Objective. The aim of this study was to verify the association between anxiety, depression, and obesity in metabolic syndrome (MetS) patients.

Methods. It is a retrospective study with 142 volunteers with MetS of both genders and age ≥20 years. Every subject responded to the hospital anxiety and depression scale (HADS). Data are shown as absolute and relative frequencies for categorical variables and a Pearson’s chi-square test was performed to verify the association between anxiety or depression and body mass index (BMI). The value of p≤0.05 was considered to be statistically significant.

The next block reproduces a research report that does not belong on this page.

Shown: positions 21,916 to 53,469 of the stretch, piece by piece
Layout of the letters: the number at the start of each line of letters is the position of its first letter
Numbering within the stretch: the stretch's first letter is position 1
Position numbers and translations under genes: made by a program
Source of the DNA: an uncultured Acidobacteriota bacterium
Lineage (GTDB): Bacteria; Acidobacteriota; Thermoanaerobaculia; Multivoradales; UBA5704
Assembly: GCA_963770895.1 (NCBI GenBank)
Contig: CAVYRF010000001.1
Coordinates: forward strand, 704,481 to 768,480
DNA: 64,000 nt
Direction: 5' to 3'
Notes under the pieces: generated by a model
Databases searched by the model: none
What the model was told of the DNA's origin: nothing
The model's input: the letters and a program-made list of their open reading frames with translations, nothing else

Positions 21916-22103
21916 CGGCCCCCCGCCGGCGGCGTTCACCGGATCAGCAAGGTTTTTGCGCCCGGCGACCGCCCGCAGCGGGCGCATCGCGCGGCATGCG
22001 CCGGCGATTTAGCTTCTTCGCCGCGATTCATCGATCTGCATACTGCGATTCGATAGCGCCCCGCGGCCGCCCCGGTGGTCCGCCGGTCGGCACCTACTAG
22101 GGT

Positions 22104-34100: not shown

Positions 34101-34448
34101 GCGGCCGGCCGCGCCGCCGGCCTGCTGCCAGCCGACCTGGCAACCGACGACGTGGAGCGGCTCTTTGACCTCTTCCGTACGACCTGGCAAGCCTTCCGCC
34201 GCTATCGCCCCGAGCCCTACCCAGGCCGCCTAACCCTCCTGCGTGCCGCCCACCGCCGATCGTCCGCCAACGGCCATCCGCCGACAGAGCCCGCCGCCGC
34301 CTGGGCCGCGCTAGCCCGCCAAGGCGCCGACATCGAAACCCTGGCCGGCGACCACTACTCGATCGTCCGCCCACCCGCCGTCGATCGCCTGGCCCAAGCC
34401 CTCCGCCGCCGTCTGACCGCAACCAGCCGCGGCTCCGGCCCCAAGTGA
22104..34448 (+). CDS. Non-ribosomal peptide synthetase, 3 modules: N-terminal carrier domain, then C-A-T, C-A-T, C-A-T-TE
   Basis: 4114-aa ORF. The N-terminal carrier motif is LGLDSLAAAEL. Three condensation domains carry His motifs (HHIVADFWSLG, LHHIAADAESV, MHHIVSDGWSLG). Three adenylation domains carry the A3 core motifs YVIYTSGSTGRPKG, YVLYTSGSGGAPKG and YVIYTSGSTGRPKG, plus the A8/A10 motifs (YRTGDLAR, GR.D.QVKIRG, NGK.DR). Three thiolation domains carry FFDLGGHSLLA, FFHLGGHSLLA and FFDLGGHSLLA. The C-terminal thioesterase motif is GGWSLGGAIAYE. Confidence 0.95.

Results. The frequency of anxiety and depression was 18.3% (n=26) and 12% (n=17), respectively. There was no significant association between anxiety or depression and BMI (p=0.481 and 0.079, respectively) in individuals with MetS.

Conclusions. Although no association among anxiety, depression and obesity was found, the psychological factors should be added to the MetS treatment contributing to a more effective health care in order to find answers to manage and adhere to the conducts carried out from a more humanized and transdisciplinary perspective. The data also indicate that large sample and case-control methodology are required to obtain a more specific evaluation of this association.